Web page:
An assignment should teach the overall goals and issues driving your course.  It should reflect the theories, approaches, assumptions, and formats characteristic of your discipline.  The assignment should incorporate student interests to encourage real application in their majors or their lives.

  • Identify the learning outcomes this assignment will address, and communicate those to the students.
  • Outline the criteria you will be using to grade the assignment.  See Rubrics.
  • Clarify the requirements of the assignment.1  
  • Be as descriptive as possible to avoid ambiguity or overwhelming the students.
    • Length  
    • Citation format  
    • Acceptable types of sources  
    • Purpose of the assignment  
  • Designate an audience.  
    • This helps the student demonstrate their authority over the subject and allows them to take on the task of explaining a concept to a specific audience.2  
    • Allow the students to write or perform for a variety of different audiences, which they will have to do in a professional setting.3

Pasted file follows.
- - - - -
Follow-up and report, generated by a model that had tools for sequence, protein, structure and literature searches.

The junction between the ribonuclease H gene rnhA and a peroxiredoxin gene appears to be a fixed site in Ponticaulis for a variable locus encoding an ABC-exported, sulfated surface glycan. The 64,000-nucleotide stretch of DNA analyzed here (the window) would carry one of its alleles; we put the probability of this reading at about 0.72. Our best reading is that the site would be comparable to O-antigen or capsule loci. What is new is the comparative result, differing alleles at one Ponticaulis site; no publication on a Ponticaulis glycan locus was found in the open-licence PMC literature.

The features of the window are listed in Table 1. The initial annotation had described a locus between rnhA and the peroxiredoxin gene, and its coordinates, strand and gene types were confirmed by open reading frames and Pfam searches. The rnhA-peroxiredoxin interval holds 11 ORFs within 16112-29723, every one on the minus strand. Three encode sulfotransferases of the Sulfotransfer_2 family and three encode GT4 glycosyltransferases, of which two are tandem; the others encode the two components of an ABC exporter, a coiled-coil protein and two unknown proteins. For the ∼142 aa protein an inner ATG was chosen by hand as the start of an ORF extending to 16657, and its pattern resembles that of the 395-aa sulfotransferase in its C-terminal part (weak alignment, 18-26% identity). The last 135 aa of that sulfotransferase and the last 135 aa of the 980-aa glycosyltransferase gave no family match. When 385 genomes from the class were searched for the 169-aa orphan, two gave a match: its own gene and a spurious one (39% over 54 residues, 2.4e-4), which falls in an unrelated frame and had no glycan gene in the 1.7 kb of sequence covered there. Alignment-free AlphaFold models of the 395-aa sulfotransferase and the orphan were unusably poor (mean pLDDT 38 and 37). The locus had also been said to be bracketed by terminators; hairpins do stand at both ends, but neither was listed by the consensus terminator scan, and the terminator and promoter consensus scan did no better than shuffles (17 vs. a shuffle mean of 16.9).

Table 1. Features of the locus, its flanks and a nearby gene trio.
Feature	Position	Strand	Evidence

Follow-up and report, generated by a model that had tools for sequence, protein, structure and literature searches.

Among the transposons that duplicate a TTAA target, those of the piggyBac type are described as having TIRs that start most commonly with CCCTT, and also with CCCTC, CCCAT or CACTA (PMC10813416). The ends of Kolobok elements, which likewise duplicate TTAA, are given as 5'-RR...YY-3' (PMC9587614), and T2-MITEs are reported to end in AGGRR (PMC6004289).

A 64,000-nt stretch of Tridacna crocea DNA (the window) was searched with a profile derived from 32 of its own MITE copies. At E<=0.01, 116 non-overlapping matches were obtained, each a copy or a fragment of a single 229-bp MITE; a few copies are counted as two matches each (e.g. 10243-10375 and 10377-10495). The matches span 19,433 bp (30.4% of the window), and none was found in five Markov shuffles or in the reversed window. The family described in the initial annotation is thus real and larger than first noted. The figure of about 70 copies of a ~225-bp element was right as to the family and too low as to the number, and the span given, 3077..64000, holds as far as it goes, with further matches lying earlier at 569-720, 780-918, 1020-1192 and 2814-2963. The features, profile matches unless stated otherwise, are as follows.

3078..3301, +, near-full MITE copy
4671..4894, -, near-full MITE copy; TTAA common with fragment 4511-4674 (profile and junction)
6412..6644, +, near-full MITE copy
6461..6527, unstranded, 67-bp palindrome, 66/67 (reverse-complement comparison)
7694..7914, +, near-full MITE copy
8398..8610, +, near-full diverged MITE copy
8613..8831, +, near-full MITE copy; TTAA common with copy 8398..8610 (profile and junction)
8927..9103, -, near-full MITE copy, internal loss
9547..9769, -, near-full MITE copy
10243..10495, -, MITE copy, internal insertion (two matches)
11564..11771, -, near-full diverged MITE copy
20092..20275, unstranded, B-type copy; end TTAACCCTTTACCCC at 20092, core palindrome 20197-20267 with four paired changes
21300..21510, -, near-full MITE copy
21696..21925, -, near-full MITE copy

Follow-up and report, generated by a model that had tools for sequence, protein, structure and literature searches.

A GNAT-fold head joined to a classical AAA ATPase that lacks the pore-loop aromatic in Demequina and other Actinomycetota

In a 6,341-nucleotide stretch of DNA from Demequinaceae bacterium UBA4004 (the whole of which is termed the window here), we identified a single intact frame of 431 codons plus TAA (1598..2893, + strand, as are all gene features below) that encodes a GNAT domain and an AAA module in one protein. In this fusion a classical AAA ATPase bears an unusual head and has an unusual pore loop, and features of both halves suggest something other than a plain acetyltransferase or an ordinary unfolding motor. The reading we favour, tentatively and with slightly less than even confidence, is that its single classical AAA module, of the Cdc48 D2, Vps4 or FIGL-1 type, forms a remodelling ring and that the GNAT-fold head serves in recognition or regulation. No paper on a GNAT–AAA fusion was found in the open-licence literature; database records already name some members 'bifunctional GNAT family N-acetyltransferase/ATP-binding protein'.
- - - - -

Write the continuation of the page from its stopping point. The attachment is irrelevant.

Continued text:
• Vary the assignments  
    • Appeal to a variety of learning styles and strengths of the students.  
  • Complete the assignment yourself  
    • Is the assignment feasible?  
    • Is the time frame reasonable for the amount of work?  
    • Are the sources readily available?  
    • Check your assignments regularly so that you are not asking your students to use outdated sources.  
  • Discuss plagiarism and the importance of academic integrity in research and writing.
    • Encourage your students to visit the library for help via chat, email or in person at a reference desk.  
    • Ask your liaison librarian to come to your class to speak to students, or ask the librarian to help you design your assignments.